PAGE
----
Trip Valigorsky’s beachfront home in a tight-knit community in Volusia County, Florida, belonged to his family for nearly 15 years before it was swept away this week as dangerous storm surge and powerful winds caused by Hurricane Nicole swept through Florida.
“That house was my grandmother’s favorite place,” Valigorsky told CNN. “Some of the best memories with her were here.”
Valigorksy is just one of many residents of the seaside neighborhood of Wilbur-By-The-Sea whose homes were damaged or destroyed by the storm.
In Volusia County, at least 49 beachfront properties, including hotels and condos, have been deemed ‘unsafe’ following Nicole, which hit Florida’s east coast south of Vero Beach in as a Category 1 hurricane early Thursday before weakening to a tropical storm and finally becoming a post-tropical cyclone Friday afternoon.
County video shows crumbling homes reduced to rubble as waves from Nicole erode the shoreline. A separate video shows the county beach safety office collapsing in rising waters.
According to data from the National Oceanic and Atmospheric Administration, sea levels in this part of Florida have risen more than a foot in the past 100 years, and most of that rise has occurred during of the past three decades.
Scientists and researchers have long warned that rising sea levels lead to more erosion and flooding at high tide, especially during extreme coastal storms.
This has put even more pressure on levees meant to protect coastal communities from high waves and high water levels, many of which were destroyed this week by the storm surge. A seawall that was erected on Tuesday, which Valigorsky and his neighbors hoped would protect their properties from damage, collapsed into the ocean on Wednesday, he said.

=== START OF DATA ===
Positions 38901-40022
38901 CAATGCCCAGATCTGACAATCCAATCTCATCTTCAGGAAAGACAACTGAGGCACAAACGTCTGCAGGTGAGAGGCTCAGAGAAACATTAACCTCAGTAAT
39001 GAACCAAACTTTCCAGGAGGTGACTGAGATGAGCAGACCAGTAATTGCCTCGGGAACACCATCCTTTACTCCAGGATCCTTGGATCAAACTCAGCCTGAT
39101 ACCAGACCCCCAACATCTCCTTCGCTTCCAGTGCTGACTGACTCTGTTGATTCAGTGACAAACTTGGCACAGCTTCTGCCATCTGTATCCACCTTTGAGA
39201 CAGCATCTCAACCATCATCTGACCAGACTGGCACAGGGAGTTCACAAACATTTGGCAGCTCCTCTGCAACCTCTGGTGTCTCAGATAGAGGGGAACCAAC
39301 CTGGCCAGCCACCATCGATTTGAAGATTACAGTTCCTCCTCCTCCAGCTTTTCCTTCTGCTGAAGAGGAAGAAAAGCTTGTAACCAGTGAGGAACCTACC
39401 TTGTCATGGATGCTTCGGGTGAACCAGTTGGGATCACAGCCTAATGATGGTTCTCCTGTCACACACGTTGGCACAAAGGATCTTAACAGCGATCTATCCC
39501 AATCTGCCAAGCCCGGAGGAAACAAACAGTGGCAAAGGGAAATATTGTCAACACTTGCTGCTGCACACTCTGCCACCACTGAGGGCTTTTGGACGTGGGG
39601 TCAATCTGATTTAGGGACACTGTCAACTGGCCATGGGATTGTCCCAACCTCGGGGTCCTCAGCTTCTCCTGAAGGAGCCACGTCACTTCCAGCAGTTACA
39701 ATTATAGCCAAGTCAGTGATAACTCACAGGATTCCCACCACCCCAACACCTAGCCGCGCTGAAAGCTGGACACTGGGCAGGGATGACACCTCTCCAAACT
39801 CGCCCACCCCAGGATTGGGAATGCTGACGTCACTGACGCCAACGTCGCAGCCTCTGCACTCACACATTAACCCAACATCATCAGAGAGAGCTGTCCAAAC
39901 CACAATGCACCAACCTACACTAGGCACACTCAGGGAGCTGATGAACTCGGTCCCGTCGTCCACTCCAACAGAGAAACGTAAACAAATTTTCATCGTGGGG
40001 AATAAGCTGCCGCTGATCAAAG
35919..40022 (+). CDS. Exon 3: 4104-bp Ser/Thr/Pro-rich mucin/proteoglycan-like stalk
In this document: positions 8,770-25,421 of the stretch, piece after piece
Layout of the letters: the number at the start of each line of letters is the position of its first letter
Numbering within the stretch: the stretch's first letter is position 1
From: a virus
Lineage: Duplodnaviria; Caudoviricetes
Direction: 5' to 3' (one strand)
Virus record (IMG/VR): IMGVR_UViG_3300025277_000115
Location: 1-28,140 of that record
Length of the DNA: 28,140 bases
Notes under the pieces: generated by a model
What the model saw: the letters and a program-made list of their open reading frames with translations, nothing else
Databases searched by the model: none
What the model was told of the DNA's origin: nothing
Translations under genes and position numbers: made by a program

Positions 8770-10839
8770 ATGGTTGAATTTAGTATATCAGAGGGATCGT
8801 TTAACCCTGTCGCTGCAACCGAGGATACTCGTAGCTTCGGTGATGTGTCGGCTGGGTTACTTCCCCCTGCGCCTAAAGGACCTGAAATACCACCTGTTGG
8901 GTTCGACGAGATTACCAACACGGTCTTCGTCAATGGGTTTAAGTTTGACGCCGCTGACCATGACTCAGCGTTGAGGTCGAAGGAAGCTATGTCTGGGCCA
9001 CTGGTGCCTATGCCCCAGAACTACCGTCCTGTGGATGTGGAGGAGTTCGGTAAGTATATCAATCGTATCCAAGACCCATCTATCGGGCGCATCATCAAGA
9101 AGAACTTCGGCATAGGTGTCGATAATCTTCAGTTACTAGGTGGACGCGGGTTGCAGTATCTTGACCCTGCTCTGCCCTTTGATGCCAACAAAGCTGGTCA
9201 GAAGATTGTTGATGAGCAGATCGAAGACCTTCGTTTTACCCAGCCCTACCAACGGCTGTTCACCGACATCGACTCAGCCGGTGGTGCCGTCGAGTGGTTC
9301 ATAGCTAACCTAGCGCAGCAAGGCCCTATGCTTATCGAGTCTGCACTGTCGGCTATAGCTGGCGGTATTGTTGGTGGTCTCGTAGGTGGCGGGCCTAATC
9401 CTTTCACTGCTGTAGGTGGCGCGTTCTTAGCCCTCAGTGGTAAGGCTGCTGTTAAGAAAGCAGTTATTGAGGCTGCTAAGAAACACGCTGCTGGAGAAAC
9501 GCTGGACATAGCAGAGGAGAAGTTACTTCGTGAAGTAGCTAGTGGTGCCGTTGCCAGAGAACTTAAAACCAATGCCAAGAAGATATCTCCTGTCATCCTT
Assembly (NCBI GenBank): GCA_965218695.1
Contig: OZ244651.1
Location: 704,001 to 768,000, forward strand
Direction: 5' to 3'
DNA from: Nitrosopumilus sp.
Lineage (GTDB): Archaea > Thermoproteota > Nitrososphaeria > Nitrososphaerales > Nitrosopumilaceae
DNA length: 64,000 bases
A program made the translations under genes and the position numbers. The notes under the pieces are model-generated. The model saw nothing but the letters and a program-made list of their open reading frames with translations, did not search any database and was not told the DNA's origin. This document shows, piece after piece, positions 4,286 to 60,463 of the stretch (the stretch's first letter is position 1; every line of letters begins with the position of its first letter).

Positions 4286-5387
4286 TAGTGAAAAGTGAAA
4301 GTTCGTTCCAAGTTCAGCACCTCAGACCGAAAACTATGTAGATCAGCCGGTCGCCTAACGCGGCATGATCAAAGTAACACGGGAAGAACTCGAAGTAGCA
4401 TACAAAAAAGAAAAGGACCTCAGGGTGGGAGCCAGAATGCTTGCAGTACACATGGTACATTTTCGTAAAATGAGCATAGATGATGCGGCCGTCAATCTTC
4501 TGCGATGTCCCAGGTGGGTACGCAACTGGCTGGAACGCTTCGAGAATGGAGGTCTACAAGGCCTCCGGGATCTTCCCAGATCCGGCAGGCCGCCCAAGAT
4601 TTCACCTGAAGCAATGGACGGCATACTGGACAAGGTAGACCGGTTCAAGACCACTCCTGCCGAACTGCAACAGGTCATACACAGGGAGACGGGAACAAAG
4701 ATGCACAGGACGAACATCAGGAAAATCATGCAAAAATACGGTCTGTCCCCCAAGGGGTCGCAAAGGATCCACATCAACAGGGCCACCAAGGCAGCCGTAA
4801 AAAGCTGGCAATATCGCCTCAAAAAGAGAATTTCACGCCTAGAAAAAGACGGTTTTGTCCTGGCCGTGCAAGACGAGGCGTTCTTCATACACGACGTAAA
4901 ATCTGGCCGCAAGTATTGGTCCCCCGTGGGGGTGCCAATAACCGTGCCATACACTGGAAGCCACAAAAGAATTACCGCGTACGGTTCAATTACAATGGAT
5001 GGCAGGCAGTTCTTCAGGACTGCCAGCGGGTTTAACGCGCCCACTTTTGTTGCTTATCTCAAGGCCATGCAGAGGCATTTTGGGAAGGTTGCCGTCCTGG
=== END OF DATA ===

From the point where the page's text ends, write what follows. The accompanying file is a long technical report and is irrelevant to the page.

“It was stressful wondering if he was going to fall, and here we are,” Valigorsky said.
On Wednesday morning, Valigorsky decided to grab his essentials and his dog to evacuate the area as he watched the storm grow even more severe. By the time he returned, all that was left of his house was the garage and the entry hall.
As his community begins to rebuild its neighborhood in the wake of Nicole, Valigorsky said he plans to rebuild his home alongside his neighbors who also lost theirs.
Another resident, Phil Martin, lost his entire home in the hurricane this week.
“It was the most devastating thing to see,” Martin said. “We didn’t think it would be so bad.”
Martin said he had lived in the area for two years and the house was his permanent home where he spent time with his children and grandchildren, playing football in the garden or walking to the beach.
“There are no politics at the beach, everyone gets along,” Martin said, adding that his community and those around Wilbur-By-The-Sea are keeping spirits up.
“Everything happened really fast with this one,” he said. “But we will rebuild, we have that.”
Just six weeks ago, storm surge from Hurricane Ian eroded parts of Florida’s east coast, hitting the area where a seawall was built behind Martin’s home as well as those of his neighbors. . Now, he says, that dike is gone.
The back-to-back nature of the storms makes the levees — which are already aging — more vulnerable, Brian McNoldy, senior research associate at the University of Miami’s School of Marine and Atmospheric Science, previously told CNN.
“It doesn’t really need a strong storm – you just need high tides or storm-tossed tides to wash away or put extra pressure on the walls,” he said. “With these two storms six weeks apart, if you don’t give places time to repair or rebuild, each storm definitely leaves its mark.”
Arlisa Payne, who has resided in the beachfront community for most of her life, told CNN affiliate Spectrum News 13 that she had ‘never seen anything like it’ after assessing the damage caused by Hurricane Nicole.
Although her house survived the storm, Payne said she feared the seawall in front of her house could collapse.
The mother-of-four said many of her neighbors’ homes were not damaged by Hurricane Ian, but had been hit hard by Nicole, making it difficult for the community to prepare for such storms. storms.
“I think it caught a lot of people off guard,” she said. “How do you prepare for this? People can’t prepare for it.
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